He relates humility to listening, relates reading to prayer, and relates all things to God. The temptation to quote is overwhelming, but we will leave it to the readers to select their favourite passages. (Section X of part two is a lovely prayer, indeed.)
There are more than a few uncritical readers of Merton, "Mertonolaters" if you will, who praise his writing and his thinking in a fashion that would perhaps embarrass the monk himself.
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53 of 53 people found the following review helpful By Wayne Burns on August 3, 1999
Format: Hardcover
Even though the contents of this book were written in 1953-54, the thoughts here are most appropriate today if one seeks to understand solitude as it relates to the spiritual life. Merton's thoughts about the desert, one's spiritual life, the sacraments, prayer, the Church, books and reading, and silence will make one evaluate one's relationship with God.The book is divided into two sections. One is the aspects of the spiritual life, and the other section is the love of solitude. One conclusion Meron makes in the first section is found in the following words: "The solution of the problem of life is life itself. Life is not attained by reasoning and analysis, but first of all by living" (page 78).The spiritual life is a journey. In the second section, Merton has some challenging thoughts on solitude. It seems that every Christian desires solitude from time to time. Merton writes, "We put words between ourselves and things. Even God has become another conceptual unreality in a no-man's land of language that no longer serves as a means of communion with reality" (page 85).THOUGHTS IN SOLITUDE is a brief book compared to many of Merton's other books, however, this is one of his best. It will make you think, and it will probably make you evaluate your Christian walk with God. As Merton writes, "Do not flee to solitude from the community. Find God first in the community,then He will lead you to solitude." This is a book worth reading.
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51 of 53 people found the following review helpful By Brad Shorr on June 25, 2003
Format: Paperback Verified Purchase
To defend the spirit against what Merton calls "the murderous din of our materialism", we must learn to live in solitude. But true solitary life is not a withdrawal from society: on the contrary, it is the only way to become social in the fullest sense, because through solitude we come to comprehend God's profound love for us, so that we can love other men in imitation and reverence of Him. Of the many themes Merton emphasizes in explaining true solitude, gratitude and humility are perhaps the most important. To live in solitude is to be without attachment to material things, personal relationships, or even spiritual accomplishment. Therefore solitude is a life of utter poverty and humility: our entire lives are a gift to God. Through this act we discover that nothing is due us, and our lives become an ongoing prayer of gratitude for whatever gifts we receive. For the true solitary, actions are far more important than thoughts, because, as Merton points out, if our ideas are not reflected in our actions, we do not really think them. If we do not follow our true vocation our lives will be choked by internal conflict between what we are called to do and what we actually do. Or worse, we may avoid the problem by ignoring our spiritual condition. Merton's commentary is highly relevant to all who care about their spiritual condition, and all who seek God in the murderous din.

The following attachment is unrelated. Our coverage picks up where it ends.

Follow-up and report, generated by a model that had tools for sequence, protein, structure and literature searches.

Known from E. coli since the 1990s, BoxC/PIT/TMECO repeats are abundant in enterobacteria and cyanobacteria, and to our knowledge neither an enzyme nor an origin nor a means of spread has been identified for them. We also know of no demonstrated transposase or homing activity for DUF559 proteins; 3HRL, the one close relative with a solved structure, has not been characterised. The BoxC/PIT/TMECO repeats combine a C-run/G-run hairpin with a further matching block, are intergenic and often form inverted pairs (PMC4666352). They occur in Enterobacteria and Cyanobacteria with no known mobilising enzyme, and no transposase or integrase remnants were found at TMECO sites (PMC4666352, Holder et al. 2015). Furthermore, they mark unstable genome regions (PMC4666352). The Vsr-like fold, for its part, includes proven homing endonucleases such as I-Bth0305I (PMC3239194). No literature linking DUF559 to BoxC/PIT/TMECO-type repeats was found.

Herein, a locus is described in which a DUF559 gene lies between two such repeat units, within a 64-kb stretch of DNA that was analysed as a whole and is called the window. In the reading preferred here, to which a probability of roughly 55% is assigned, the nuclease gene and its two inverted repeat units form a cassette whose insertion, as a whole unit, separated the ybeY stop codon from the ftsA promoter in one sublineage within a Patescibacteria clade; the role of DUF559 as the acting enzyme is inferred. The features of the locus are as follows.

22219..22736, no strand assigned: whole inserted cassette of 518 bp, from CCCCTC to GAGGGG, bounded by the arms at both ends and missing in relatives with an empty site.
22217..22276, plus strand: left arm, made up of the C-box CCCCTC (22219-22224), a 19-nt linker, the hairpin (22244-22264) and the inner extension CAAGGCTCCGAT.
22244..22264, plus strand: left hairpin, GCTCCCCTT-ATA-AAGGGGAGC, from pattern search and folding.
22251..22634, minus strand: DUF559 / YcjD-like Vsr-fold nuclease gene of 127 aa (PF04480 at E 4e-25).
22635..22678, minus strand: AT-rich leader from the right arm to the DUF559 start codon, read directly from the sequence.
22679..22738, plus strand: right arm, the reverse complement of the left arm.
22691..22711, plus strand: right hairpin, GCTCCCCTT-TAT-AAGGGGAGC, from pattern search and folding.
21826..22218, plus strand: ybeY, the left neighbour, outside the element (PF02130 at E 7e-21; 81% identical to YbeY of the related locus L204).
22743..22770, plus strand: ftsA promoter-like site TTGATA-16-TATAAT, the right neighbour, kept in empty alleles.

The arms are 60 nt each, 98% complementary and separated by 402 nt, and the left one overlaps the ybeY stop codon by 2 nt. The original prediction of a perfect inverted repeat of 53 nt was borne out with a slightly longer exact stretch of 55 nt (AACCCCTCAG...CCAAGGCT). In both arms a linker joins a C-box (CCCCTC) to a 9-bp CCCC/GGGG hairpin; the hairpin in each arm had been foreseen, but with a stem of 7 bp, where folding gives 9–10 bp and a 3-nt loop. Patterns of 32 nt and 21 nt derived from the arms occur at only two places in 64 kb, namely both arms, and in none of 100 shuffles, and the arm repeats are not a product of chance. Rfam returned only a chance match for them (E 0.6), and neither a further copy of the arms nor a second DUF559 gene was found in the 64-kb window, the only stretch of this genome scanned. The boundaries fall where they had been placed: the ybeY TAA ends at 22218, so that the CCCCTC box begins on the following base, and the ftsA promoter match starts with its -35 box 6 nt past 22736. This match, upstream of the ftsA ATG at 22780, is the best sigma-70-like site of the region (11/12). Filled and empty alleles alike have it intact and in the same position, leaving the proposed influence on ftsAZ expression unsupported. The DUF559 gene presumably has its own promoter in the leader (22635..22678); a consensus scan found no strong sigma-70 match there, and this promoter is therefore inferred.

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29 of 29 people found the following review helpful By Swing King on April 28, 2003
Format: Paperback
This is actually the first time I have FINISHED a Thomas Merton book- not to say I do not find him normally interesting- actually it's the opposite. When I had been reading Merton's "New Seeds of Contemplation" a few years back, I was very confused. Confused in a good way- because it forced a lot of deep questions to arise within me. So much so that I never seemed to actually get anywhere with the reading.
But Thoughts in Solitude has a different flavor to it- do not get me wrong- it is still that extremely contemplative and philosophical Merton everyone loves. But it has a feeling about it that it's more- refined- or perhaps relaxed would be the word I am looking for. I think it is important to point out that I am actually a Zen Buddhist, but this sort of view on God that Merton has- is not to far askew from my own. Though I simply don't "make that word God" from the get go.
But all in all, Merton shows us one of his best works in this book. The words simply jump out at the reader, they are alive with the food so many of our spiritual lives stomachs are craving for. So order this book. When it arrives, kick off them shoes, put on that REGULAR coffee, maybe run some bathwater- and relax! You will absolutely enjoy this book. The type of book that could be written actually nowhere else but a monastery if you ask me. It has an, "This was meant to be private"- kind of feel to it. But that's just Merton at his best-I doubt there is any real intrusion on our, the reader's part. Anyway I hope you enjoy the book;)